Avian vocal control regions of adult male songbirds contain opioid peptides and receptors, suggesting that opioids play a role in avian vocal behavior control. In a previous study, we found no difference in opioid receptor densities in singing versus nonsinging adult male dark-eyed juncos (Junco hyemalis), leading us to hypothesize that opioids are not involved in controlling song production. To assess whether opioids may be involved in other aspects of vocal behavior, we used quantitative in vitro autoradiography to compare μ and δ opioid receptor densities in vocal control regions of singing adult males with those of adult females and adolescent (about 3 months old) males and females. We found μ and δ receptors in all vocal control regions measured. Adolescents had significantly higher opioid receptor densities than did adults in area X (δ), robust n. of the archistriatum (δ and μ), and n. intercollicularis (μ), suggesting a developmental role for opioids in the vocal control system. Based on opioid roles in other animal models, we propose that opioids may be involved in song learning, auditory processing, and/or vocal control system development.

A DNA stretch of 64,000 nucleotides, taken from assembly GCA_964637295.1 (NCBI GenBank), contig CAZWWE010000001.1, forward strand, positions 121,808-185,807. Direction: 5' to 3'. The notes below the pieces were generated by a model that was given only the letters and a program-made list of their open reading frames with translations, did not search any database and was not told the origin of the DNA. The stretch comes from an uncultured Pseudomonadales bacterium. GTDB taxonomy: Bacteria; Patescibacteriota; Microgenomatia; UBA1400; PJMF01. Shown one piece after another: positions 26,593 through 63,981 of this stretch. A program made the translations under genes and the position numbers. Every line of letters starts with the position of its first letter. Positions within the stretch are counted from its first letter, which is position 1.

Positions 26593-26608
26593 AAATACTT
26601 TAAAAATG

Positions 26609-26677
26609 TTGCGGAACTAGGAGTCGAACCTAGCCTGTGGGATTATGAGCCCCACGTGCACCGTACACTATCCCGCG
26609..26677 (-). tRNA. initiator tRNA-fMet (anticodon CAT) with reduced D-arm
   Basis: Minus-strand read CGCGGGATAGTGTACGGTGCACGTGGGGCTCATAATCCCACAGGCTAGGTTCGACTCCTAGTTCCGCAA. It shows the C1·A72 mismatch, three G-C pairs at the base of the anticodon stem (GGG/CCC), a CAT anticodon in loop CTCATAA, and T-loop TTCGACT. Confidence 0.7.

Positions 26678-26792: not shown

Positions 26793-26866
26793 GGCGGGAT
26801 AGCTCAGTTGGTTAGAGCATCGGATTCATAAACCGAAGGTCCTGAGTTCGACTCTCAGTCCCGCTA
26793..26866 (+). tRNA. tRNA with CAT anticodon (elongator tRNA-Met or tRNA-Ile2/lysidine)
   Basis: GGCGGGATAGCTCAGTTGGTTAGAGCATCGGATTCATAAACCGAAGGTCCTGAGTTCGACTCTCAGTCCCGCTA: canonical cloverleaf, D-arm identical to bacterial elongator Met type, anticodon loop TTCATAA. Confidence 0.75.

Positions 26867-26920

|Original language||English (US)|
|Number of pages||10|
|Journal||Journal of Comparative Neurology|
|State||Published - Feb 22 1999|
- Sexual dimorphism
- Vocal behavior
ASJC Scopus subject areas